Cliven Bundy indictment over 2014 Nevada standoff expanded to 19 defendants

Cliven Bundy is pictured in this undated booking handout image provided by the Multnomah County Sheriff's Office © Multnomah County Sheriff's Office
A dozen people were arrested and face federal charges stemming from a 2014 armed standoff with authorities in Nevada over cattle grazing rights. The confrontation was led by rancher Cliven Bundy and his sons, who are already in federal custody.

On Thursday, 12 people from five states were arrested after a federal grand jury in Las Vegas expanded an indictment previously filed against Cliven Bundy. The indictment included Ammon Bundy, Ryan Bundy and four other men already in federal custody as of late January in connection with a nearly six-week occupation of a federal wildlife preserve in Oregon. Those four include Ryan Payne of Montana, Peter Santilli Jr. of Ohio, and Brian Cavalier and Blaine Cooper, both of Arizona, according to AP.

The indictment named Cliven Bundy as the leader and beneficiary of the armed standoff with federal agents in April 2014 near his southern Nevada ranch. The indictment called Bundy's sons, Ammon and Ryan, leaders and organizers of around 200 gunmen and other supporters. Cliven Bundy was arrested in Portland, Oregon, on February 10 while traveling to visit his sons.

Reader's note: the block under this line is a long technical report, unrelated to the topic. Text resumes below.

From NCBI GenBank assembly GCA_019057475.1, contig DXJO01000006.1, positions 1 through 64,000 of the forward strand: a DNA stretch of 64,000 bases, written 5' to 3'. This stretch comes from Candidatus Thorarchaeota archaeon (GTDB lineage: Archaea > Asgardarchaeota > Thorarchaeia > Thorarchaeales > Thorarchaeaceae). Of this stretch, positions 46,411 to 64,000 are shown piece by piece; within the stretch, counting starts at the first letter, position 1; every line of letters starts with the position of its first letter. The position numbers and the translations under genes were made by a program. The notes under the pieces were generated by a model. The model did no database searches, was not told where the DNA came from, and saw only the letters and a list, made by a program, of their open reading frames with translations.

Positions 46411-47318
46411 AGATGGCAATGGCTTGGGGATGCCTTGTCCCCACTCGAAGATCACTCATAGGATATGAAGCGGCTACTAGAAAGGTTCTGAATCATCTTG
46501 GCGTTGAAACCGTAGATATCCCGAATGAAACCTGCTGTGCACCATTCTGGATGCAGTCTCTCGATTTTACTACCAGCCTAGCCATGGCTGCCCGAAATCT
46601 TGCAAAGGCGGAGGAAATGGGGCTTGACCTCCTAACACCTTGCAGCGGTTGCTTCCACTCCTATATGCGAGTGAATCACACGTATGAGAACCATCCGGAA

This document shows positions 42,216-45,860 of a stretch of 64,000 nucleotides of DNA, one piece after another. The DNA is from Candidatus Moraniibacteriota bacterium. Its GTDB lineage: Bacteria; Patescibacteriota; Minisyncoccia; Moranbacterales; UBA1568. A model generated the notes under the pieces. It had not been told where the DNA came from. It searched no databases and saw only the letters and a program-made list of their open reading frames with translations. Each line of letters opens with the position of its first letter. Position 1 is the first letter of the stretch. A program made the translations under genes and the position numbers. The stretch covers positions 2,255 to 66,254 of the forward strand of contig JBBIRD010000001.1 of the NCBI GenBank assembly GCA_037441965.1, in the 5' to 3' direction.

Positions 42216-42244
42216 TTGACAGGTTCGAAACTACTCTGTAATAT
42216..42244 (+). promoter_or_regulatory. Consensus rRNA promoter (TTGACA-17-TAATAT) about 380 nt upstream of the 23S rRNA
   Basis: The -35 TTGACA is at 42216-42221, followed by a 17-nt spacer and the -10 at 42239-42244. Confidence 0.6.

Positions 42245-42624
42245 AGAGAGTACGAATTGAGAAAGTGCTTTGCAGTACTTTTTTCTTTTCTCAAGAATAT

The 19 defendants in the Nevada case are accused of leading an armed confrontation with US Bureau of Land Management agents, who were forced to halt an attempt to move cattle belonging to the elder Bundy out of federal lands. Bundy has long refused to pay federal fees in exchange for permission to let his cattle graze on public lands.

Charges in the nine-count indictment include conspiracy to commit an offense against the United States; threatening a federal law enforcement officer; obstruction of justice; attempting to impede or injure a federal law enforcement officer; and several firearms charges.  

The indictment says the defendants recruited, trained and provided support for armed gunmen and others amid a dispute of more than $1 million in federal grazing fees that Bundy has not paid. Bundy's outstanding federal grazing fees are reportedly more than all other ranchers combined.

Federal officials said the 12 men arrested on Thursday include: Gerald "Jerry" DeLemus of Rochester, New Hampshire; Blaine Cooper of Humboldt, Arizona; Eric J. Parker and Steven A. Stewart, both of Hailey, Idaho; O. Scott Drexler of Challis, Idaho; Richard R. Lovelien of Westville, Oklahoma; Todd C. Engel of Boundary County, Idaho; Gregory P. Burleson of Phoenix; Joseph D. O'Shaughnessy of Cottonwood, Arizona; and Micah L. McGuire and Jason D. Woods both of Chandler, Arizona.

Cliven's wife Carol Bundy said the arrests of her husband and sons symbolize overreach by an oppressive federal government.

"I truly believe this is showing the federal government thinks they have unlimited power over we the people," Carol Bundy told AP. "What kind of government do we have?"

"This is going to be won in the court of public opinion," she added. "When we the people make a stand, that's when we'll win."

Last week, Ammon Bundy and 15 more members of the group that staged the 40-day standoff at Malheur National Wildlife Refuge in eastern Oregon pleaded not guilty to charges against them.

"It's the most difficult thing I've ever done in my life," Ammon Bundy told AP of his incarceration. "But I don't regret what we did because I knew it was right."